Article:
Updated: May 29, 2015

Snowshoes Reviews:

I've been cross country skiing a few times and it's tiresome and requires a lot of work. Recently, someone introduced me to snowshoeing. We live near the Mt Hood wilderness and there are literally 1000's of acres you can explore. When the snow gets deep, the best option is often to use snowshoes. The snowshoe has been around for centuries (historians show they were invented some 4000 to 6000 years ago) and were widely used by American Indians, fur traders, and trappers who needed to be able to walk on the snow without sinking down. The design of modern snowshoes are only slighly different than their older counterparts. Their purpose is to allow a person to walk or run on snow and evenly distribute their weight (over a wider area) so that they don't sink into deep snow. You can find a pair of snowshoes at stores like REI, Dicks Sporting Goods, and online at Amazon.com. The top brands are Tubbs, Alps, TSL, Redfeather, Pacific Outdoors, Atlas, Crescent Moon, MSR, and Yukon Charlie.
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Choosing Snowshoes - When I went to get fitted for a snowshoe I realized it's not the same as getting new shoes. Snowshoes sizing is based on your weight (not shoe size). They range in length from 20" to 36". The lighter you are, the smaller size of snowshoes you are going to buy. You can find a snowshoe size chart at Sierratradingpost.com. Ultimately you want snowshoes that keep you up on top of snow. Experts say you still may sink into fresh powder, but snowshoes will be a much better choice than wearing regular boots. The larger snowshoes tend to work better in light, dry powder and on flat surfaces. The smaller snowshoes can be best for steeper slopes, wet snow, and provide good maneuverability and excellent traction. Snowshoe Styles - 4 main types exist - backcountry, recreational/trekking, race/running, and womens. Many people choose recreational snowshoes since the majority of us just walk or hike on basic terrain that tends to be flat. Mountaineering snowshoes have superior traction components so you can take on icier or steeper slopes. Materials - Aluminum is the most common material used for the frames, although you may see some made with wood or carbon fiber. Lightweight and limited upkeep are two things you want in a good snowshoe. Bindings - Similar to a harness in look, the snowshoes bindings attach the boot(s) to the snowshoe. The straps go around your heel and over the foot. Lots of people want to know what type of footwear they can wear while on snowshoes. The good news is that they can accommodate hiking boots, mountaineering boots, or even snowboard boots. You will find both rotating and fixed bindings. The rotating bindings pivot and therefore you can walk easier while the fixed bindings "spring back" after each step. Snowshoes reviews - We found dozens of online owner and expert reviews on websites like Trailspace.com, Outdoorreview.com, Snowshoereview.com, and Backpackgeartest.com. You can browse the best selling snowshoes here.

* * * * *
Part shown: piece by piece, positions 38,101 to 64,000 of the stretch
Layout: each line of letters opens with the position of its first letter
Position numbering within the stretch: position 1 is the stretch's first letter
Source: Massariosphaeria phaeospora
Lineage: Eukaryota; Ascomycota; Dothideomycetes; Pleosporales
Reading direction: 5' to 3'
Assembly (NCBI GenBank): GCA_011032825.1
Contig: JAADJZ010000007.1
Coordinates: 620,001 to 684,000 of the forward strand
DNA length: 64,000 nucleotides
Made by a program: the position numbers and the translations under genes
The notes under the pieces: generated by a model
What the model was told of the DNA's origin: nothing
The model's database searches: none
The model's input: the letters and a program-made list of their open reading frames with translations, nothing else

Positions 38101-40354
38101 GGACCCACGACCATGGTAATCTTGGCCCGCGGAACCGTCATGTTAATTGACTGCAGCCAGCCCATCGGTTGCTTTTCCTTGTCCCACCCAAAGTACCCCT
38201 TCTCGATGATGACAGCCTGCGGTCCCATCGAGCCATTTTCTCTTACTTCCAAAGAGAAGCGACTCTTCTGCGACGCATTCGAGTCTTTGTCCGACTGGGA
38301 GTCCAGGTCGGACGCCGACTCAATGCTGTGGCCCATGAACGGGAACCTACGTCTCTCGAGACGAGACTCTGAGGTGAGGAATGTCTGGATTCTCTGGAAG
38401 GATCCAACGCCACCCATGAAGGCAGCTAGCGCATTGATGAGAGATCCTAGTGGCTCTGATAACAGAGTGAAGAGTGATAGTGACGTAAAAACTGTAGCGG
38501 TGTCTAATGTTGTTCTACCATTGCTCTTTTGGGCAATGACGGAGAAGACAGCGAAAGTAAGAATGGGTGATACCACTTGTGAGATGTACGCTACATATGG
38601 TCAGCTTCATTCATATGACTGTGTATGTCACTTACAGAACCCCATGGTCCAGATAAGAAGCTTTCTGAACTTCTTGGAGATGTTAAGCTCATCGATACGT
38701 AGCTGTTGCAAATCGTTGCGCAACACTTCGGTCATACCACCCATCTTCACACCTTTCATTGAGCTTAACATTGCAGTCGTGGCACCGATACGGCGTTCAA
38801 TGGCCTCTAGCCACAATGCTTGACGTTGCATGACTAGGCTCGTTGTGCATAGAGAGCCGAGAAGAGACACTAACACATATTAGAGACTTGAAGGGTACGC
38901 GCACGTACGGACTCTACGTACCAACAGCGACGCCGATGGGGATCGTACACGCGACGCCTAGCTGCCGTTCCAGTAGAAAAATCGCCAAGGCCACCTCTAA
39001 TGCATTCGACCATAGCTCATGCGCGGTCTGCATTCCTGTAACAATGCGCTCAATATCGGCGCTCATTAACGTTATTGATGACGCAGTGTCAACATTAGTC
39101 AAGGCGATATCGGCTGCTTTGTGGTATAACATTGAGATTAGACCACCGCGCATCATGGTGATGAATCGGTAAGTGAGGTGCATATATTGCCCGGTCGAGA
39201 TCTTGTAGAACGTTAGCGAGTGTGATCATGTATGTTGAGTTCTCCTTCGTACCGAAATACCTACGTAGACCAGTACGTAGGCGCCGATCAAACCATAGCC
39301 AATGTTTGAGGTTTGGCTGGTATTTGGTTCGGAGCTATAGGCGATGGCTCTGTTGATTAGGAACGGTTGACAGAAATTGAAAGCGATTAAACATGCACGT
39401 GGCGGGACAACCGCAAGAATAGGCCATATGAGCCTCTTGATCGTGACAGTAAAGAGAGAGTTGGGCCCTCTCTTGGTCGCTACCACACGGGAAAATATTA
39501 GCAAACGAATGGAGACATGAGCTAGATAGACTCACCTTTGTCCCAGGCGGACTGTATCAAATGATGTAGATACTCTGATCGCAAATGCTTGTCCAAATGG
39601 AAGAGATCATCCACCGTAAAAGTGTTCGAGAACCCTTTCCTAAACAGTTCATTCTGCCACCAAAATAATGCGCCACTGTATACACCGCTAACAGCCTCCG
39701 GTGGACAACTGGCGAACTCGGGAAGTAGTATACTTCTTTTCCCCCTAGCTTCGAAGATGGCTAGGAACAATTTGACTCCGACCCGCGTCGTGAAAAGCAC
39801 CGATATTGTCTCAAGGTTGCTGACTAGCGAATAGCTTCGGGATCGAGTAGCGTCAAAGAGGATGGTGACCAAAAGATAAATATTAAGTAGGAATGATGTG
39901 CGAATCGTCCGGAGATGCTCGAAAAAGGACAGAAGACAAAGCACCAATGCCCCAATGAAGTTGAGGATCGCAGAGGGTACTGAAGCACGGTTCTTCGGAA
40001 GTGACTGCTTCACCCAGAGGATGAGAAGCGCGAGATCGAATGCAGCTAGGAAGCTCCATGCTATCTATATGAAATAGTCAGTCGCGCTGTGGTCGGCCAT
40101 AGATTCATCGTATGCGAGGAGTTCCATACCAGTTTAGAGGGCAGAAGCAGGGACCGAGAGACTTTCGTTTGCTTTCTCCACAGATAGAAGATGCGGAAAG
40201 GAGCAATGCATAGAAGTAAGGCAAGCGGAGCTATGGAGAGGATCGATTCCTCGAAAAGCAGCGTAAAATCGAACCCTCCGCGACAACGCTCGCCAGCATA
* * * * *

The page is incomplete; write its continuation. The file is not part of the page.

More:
Best Snowshoes:

Alps, Redfeather and TSL tend to receive the best reviews. RECOMMENDED - The TSL Men's Walk In The Park Aluminum Snowshoes (30-Inch) - are designed for those between 150 and 260 lbs. Great for recreational climbing or hiking in the snow. You get rear crampons and aluminum front while the buckle ankle strap is padded. Lateral movement is eliminated since the 4 point binding adjustment system stop the natural binding rotation. These snowshoes are perfect for recreational use and owners say they provide "good flotation and grip". The Redfeather snowshoes are also highly recommended by experts - good for those that do more than casual walks in the snow. They give you added mobility and speed and they come in 7 different sizes.


Snowshoes for Women:

Since men and women have different body types and their weight is distributed slightly different on their body, there are snowshoes designed just for women. One of the best sellers is the MSR Women's Lightning Ascent Snowshoes - for less than $250. They are lighter and narrower than the men's same snowshoes from MSR. The serrated traction frame gives exceptional gripping action and the 3 step step-on binding fits most boots. With reduced heel drift and increased foot stability women prefer these snowshoes. Another favorite amongst females are the Tubbs Snowshoes Women's Frontier Snowshoes that run from $100 to $150 and come in a 21 inch or 30 inch model. The snowshoe is designed for powerder or packed snow. The 6000 series aluminum frame keeps the shoe lightweight yet sturdy.